– LISTEN: Podcasts responding to Mark 8:27-30 will be available this week.  Add them to your devotional practice.
– Give. A full tithe (10% of your income) each Sunday through Easter.
 
Don’t do this religiously, do it relationally.  Scripture says in James 4:8, “Draw near to God, and He will draw near to you.”  Engage this challenge prayerfully and openly, asking God to reveal Himself throughout these coming days.  Be aware and alert to the things God may be showing you.  They may be thoughts that just pop up, experiences that you have, or even just impulses that you may sense.  Also be aware that Satan, the enemy, will seek to throw you off.  Scripture calls us to put on the Full Armor of God, that we can stand against the schemes of the devil.

 Read Mark 8

Questions for Reflection:
1. There were 5 loaves & 2 fish with 12 basket fulls left over for the feeding of the 5,000.  There were 7 loaves and 7 basket fulls left over for the feeding of the 4,000.  What do you think the significance of the numbers in the two narratives of Jesus’ feeding the large crowds?
2. Think about the contrast Jesus makes in verses 14-21.  What do you think Jesus meant here?  How can we apply this warning to our lives today?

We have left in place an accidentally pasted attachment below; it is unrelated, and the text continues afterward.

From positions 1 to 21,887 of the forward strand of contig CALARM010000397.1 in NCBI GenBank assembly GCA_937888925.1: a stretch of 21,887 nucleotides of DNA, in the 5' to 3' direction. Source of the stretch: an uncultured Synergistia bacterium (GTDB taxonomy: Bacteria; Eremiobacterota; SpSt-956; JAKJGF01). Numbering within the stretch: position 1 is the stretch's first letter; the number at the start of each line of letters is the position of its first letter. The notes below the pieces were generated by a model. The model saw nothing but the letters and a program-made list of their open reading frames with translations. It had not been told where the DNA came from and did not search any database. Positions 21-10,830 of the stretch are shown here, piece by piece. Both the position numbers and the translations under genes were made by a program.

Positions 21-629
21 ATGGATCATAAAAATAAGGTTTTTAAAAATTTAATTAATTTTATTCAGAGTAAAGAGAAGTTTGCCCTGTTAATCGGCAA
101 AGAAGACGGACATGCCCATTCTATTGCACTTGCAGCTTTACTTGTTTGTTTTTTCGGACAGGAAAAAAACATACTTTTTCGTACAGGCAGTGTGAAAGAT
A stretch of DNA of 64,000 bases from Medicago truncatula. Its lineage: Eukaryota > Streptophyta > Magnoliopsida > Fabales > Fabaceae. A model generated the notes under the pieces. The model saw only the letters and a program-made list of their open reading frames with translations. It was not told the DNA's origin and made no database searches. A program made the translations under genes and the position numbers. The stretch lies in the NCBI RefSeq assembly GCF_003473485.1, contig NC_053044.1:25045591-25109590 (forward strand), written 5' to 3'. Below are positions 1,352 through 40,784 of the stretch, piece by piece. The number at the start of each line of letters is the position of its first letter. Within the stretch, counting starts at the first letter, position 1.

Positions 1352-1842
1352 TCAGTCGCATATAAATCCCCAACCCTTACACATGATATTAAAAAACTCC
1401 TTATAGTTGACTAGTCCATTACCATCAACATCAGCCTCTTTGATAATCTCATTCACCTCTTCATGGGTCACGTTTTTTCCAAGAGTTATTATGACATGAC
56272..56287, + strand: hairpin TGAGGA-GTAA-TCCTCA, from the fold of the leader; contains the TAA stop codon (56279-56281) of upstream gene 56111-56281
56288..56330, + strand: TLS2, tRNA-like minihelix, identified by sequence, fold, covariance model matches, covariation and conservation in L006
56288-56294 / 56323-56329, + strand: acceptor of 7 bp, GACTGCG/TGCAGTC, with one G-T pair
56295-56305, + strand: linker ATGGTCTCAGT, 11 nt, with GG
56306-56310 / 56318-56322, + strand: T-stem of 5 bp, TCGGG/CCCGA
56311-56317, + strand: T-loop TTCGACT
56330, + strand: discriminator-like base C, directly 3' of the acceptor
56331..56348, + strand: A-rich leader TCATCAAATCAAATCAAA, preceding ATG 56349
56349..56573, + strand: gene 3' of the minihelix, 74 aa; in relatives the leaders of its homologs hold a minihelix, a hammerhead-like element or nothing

3. Isn’t it interesting how, when Jesus spoke plainly about His death, Peter rebuked Him, not wanting to hear of it?  Do we engage in reactions similar to Peter when we are confronted with hard truths?  How should we react?

Listen

Jesus asks the questions in Mark 8: “Who do people say that I am?” and “Who do you say that I am?”  As an additional challenge this week, you are invited to listen to a podcast by Chip Ingram from the series Who is Jesus Really – Man Myth or Messiah?  Click on one of the following links to listen!
 
 
or if you would like to listen to the whole thing at once:
 

Prayer

Pray for yourself, that as we enter into the second week of this challenge, you would experience the transformation of the Holy Spirit and that God would instill in you a desire for His Word.
Pray for Hopkins Community Church, that we would have the courage to speak and hear God’s Truth, even when it is difficult or challenging.
Pray for those who will be traveling on Spring Break, that they may have safe travels wherever they go.
Be sure to spend time listening too; prayer is a conversation.  “Be still and know that I am God.”  Psalm 46:10


Left Reading Challenge: Mark 7

The Challenge for the rest of Lent:

– Read. One chapter in the Bible each day until Easter.  Start with Mark, then read Romans.
– Pray. 10 minutes, twice a day.  No distractions, not multitasking.  Just spend time with God.
– Give. A full tithe (10% of your income) each Sunday through Easter.